London & South East

£15 million flood scheme will protect Banbury homes and businesses

Banbury Flood  CAPTION_Earthworks begin in 2010_The £15 million Banbury Flood Alleviation scheme will reduce the risk of fluvial flooding to 441 residential and 73 commercial properties within Banbury in the 1:200 year event (0.5% chance of flooding per annum).

Banbury flooded badly during Easter 1998 and again in the summer of 2007. More than 125 residential and 35 commercial properties were flooded in 1998, causing over £12.5 million of damage.

The flood alleviation scheme involves construction of a large upstream flood storage facility, together with carrying out on line improvements within three locations in Banbury.

The project is being carried out for the Environment Agency by Main Contractors Morrison Construction. Consultants are Black & Veatch.

The scheme’s main flood storage area is immediately upstream of the M40 with the on-line improvements being located at Wildmere Industrial Estate, Tramways Industrial Estate, and Moorfield Brook. The flood storage area will be capable of holding 3 million m3 of water in the 1:200 year event (equivalent to 1200 Olympic size swimming pools) and has taken over 150,000m3 of clay/earth to be construct.

The main site is arable farmland and, with the exception of the footprint of a new embankment constructed as part of the project, the land will continue to operate as arable farmland after completion of the scheme. The new earth embankment running alongside the Oxford Canal stops the floodwater from the storage area spilling into the canal. This is how the town primarily flooded in 1998.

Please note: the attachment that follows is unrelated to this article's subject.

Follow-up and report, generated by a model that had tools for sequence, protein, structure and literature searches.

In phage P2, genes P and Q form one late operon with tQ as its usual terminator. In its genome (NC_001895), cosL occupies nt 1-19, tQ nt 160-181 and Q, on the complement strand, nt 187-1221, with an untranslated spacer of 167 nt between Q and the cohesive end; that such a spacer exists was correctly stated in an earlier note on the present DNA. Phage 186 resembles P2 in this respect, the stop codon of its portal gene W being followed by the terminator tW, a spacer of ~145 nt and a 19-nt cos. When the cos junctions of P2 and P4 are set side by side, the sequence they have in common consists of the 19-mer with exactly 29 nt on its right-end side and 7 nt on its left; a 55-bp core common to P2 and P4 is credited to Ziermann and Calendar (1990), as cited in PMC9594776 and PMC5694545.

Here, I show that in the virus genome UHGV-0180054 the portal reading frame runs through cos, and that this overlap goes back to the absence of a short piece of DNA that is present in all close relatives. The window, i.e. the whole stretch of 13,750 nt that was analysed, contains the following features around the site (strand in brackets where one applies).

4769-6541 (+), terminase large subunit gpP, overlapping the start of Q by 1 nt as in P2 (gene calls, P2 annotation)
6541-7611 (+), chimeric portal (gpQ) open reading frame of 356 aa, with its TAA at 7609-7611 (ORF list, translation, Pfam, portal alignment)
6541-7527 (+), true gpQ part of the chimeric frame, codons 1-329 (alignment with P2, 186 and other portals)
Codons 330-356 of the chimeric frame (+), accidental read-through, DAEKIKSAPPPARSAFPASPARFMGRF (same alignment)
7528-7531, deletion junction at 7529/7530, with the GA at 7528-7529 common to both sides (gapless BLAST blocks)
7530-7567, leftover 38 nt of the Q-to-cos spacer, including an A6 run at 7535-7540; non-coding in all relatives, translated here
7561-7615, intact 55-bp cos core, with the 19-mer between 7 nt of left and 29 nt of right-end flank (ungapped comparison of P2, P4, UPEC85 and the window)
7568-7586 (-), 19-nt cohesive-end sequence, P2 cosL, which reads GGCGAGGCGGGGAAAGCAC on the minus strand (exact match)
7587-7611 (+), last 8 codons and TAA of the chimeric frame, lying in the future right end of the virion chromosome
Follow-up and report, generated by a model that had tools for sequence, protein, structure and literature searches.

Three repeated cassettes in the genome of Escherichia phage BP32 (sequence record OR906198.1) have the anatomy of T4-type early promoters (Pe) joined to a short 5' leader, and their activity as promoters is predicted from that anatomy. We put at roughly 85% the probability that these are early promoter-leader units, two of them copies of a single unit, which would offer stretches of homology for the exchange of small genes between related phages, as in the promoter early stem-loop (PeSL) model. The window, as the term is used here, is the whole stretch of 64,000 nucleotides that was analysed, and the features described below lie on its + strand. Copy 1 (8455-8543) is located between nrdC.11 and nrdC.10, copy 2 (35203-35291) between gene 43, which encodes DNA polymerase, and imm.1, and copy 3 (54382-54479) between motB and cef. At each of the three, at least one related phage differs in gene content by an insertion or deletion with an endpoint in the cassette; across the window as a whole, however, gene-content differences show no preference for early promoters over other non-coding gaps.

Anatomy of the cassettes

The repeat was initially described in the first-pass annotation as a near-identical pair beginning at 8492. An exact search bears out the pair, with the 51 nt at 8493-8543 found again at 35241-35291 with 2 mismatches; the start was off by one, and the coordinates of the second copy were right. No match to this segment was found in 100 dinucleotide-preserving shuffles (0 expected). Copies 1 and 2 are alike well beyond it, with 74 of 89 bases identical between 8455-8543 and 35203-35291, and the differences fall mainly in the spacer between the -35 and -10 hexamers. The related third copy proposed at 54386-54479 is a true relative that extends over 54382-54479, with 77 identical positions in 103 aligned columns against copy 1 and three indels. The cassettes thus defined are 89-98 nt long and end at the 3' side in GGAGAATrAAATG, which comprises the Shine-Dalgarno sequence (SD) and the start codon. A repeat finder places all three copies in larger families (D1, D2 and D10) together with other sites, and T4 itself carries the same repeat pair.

The largest part of the embankment runs parallel with the M40 motorway. It’s maximum height is 4.5m with an overall average height of 2.5m and is approximately 3km in length. The embankment will be inspected regularly as it is classified as a dam structure. Three river diversions were required to allow the embankment to be safely built and the diverted rivers will be planted to become naturalistic sections of river once again with meanders and riverside trees.

A major element of the project has involved closure of the A361 Banbury – Daventry road for a number of months to raise the level of an a 850m long section road by 700mm (27ins) and install culverts to reduce the risk of the road flooding. This element of the works has included the decision to construct a new concrete saddle over the existing canal brick arch bridge located on the opposite side of the Oxford Canal – rather than install a temporary structure. The other main other challenge of the scheme is simply the 3km length of the site.

The main materials being used in the construction work are clay won from an adjacent field, and concrete for the project’s two main control structures, which are identical and incorporate a double baffle orifice that throttles the river during higher flows (some flow is allowed through at all times). There are no gates or moving parts within the control structures, the design for which was modelled at HR Wallingford.

Several large environmental areas are included in the works to create new valuable habitats, including wetland ponds and wildflower meadows. These should increase the number of birds, mammals and insects in these areas.